It's hard to find a performance consensus among professional reviews of the 2009 Toyota Corolla Matrix; while Motor Trend calls the Matrix "more fun to drive than either Scion or the Corolla, zipping around corners with controlled body roll," ConsumerGuide reports that "fast cornering triggers noseplow and body lean." Ride quality also receives vastly different reviews from different sources, with Cars.com noting that "the ride becomes a bit choppy over bumpy pavement," while Edmunds claims "the ride is quiet and refined." The one performance area that does earn unanimous praise is in braking, where reviewers agree with Cars.com's assessment that the "response is strong, and ABS never kicks in prematurely."
2009 Toyota Matrix
Comfort & Quality
The 2009 Toyota Corolla Matrix offers an impressive amount of utility, space, and build quality, but the materials aren't at the same level.
Toyota's trademark high-quality construction and practical layouts are on full display in the 2009 Toyota Corolla Matrix, which rates highly for both passenger and cargo space, as well as overall build quality.
Few five-seat hatchbacks are actually comfortable for five full-size adults, and while squeezing five grown-ups into the 2009 Toyota Matrix is still a stretch, four will fit quite nicely. Cars.com reports that the "front sport seats and a three-person bench seat give the [2009 Toyota] Matrix room for up to five people," and Edmunds confirms that the bench is actually an "adult-friendly backseat."
Reviews read by TheCarConnection.com also appreciate the fact that the seats feature a fold-flat 60/40 split, which makes hauling cargo significantly easier. Up front, ConsumerGuide is pleased to find that the 2009 Toyota Corolla Matrix "makes good use of its tall design by furnishing generous headroom," and the "tilt and telescopic steering column and driver-seat height adjuster are comfort-enhancing standard features." Edmunds agrees with that assessment of the new steering column, reporting "the driving position is vastly improved in the '09 model, with credit going to the new telescoping steering wheel and increased seat-track travel."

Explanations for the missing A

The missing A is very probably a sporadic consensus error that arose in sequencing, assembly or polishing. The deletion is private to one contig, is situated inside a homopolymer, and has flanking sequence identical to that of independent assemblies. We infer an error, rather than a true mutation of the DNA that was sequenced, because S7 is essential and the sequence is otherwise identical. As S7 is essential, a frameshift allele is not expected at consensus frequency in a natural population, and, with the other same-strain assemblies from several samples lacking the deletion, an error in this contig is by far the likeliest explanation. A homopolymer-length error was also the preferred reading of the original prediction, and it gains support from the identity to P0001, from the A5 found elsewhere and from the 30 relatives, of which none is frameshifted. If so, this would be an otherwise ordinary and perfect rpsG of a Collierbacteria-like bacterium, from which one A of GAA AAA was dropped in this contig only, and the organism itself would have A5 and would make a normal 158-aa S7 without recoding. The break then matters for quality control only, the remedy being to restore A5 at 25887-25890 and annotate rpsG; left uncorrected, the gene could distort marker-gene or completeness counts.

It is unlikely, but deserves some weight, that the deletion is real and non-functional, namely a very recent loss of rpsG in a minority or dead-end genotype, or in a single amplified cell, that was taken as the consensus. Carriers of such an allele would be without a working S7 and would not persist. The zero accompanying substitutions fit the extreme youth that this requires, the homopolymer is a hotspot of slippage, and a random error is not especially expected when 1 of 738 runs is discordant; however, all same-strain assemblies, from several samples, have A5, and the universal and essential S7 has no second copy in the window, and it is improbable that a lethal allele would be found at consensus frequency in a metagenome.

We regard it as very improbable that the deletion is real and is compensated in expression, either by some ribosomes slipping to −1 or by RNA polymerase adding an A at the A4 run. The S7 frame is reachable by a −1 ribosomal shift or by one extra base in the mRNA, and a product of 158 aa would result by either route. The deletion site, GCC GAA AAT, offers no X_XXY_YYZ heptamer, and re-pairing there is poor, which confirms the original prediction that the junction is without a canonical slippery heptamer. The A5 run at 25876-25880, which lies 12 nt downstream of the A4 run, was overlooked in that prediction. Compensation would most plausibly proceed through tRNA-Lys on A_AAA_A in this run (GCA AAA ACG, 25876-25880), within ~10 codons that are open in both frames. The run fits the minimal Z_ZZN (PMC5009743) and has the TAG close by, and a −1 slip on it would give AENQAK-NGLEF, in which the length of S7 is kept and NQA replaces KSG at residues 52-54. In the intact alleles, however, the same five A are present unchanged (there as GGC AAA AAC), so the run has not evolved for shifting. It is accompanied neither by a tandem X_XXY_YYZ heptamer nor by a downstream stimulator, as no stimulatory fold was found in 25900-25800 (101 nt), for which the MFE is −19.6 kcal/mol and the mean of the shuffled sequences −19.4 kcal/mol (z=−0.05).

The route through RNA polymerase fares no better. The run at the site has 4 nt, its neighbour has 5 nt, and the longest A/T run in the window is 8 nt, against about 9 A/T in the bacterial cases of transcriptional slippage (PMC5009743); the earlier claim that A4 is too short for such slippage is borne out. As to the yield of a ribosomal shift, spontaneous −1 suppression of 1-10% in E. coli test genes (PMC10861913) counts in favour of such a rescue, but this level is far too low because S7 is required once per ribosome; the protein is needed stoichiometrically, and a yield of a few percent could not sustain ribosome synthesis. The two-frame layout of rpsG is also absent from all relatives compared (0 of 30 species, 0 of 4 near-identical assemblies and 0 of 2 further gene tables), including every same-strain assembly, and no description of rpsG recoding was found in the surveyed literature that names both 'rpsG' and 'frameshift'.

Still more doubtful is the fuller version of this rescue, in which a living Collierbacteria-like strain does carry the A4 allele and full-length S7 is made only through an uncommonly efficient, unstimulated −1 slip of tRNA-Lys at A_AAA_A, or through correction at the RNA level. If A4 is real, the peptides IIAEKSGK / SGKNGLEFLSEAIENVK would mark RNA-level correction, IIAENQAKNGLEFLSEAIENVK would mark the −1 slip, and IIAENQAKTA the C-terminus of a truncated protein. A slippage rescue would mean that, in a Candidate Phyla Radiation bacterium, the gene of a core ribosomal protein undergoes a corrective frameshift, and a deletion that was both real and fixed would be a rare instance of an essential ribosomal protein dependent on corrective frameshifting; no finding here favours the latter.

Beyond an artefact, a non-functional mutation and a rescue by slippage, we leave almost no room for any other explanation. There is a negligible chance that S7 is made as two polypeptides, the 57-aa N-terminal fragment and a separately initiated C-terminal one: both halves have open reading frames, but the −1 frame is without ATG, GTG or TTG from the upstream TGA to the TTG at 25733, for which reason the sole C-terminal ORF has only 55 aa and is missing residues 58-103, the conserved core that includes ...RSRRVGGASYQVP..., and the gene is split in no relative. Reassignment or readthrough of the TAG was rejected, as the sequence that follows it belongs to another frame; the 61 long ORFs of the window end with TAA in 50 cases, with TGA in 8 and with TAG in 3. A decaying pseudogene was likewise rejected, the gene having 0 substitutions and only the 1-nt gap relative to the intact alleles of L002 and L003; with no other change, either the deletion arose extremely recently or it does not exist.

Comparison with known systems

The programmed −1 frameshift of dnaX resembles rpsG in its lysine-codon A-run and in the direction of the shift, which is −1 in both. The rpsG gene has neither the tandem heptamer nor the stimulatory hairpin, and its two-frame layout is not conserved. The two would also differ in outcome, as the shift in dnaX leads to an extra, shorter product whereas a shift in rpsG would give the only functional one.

Aside from generous passenger accommodations, this Toyota 2009 model benefits from a large and practical cargo area. MotherProof calls the 2009 Toyota Matrix's cargo space "a decent, day-to-day size, and there are grocery hooks in the back" that make running errands significantly easier. ConsumerGuide reviewers also point out that the 2009 Toyota Corolla Matrix's "front passenger seat folds flat on all but the base model for cargo-carrying versatility." In terms of overall space, Edmunds states that "there are 19.8 cubic feet of luggage capacity behind the rear seats and a seats-down volume of 61.5 cubes." The 2009 Toyota Matrix's cabin also offers significant utility, as ConsumerGuide finds that the "interior storage consists of a small glovebox, center console, and door pockets."
The 2009 Toyota Matrix is assembled with obvious precision, but ConsumerGuide notes that "all Matrix models look built to price" with a "notable lack of padded surfaces." ConsumerGuide adds that "few materials feel substantial, and the doors close with a tinny clang." On the positive side, Cars.com finds that the dashboard's "wraparound textures...look rich from any distance," and the "gauges and stereo controls have first-rate quality...and panel fit is generally excellent." Despite some positive reviews of the interior quality, Cars.com feels that the high-quality elements cause "the cabin's weaknesses to stand out even more." Those weaknesses include climate controls that are "awfully clunky, and the ceiling is a vast canopy of mouse fur."
One of the benefits of solid build quality is usually a quiet ride, but it appears as though Toyota has left some of the sound deadening out of the second-generation Toyota 2009 Matrix. ConsumerGuide reviewers report that the "2.4-liter engine is raspy while accelerating," while "wind rush and road noise rise markedly at highway speeds on all models." Cars.com agrees, noting that, "at highway speeds, road and wind noise are considerable, but the engine stays unobtrusive."
2009 Toyota Matrix
The 2009 Toyota Matrix has the selling points to satisfy most safety-conscious consumers.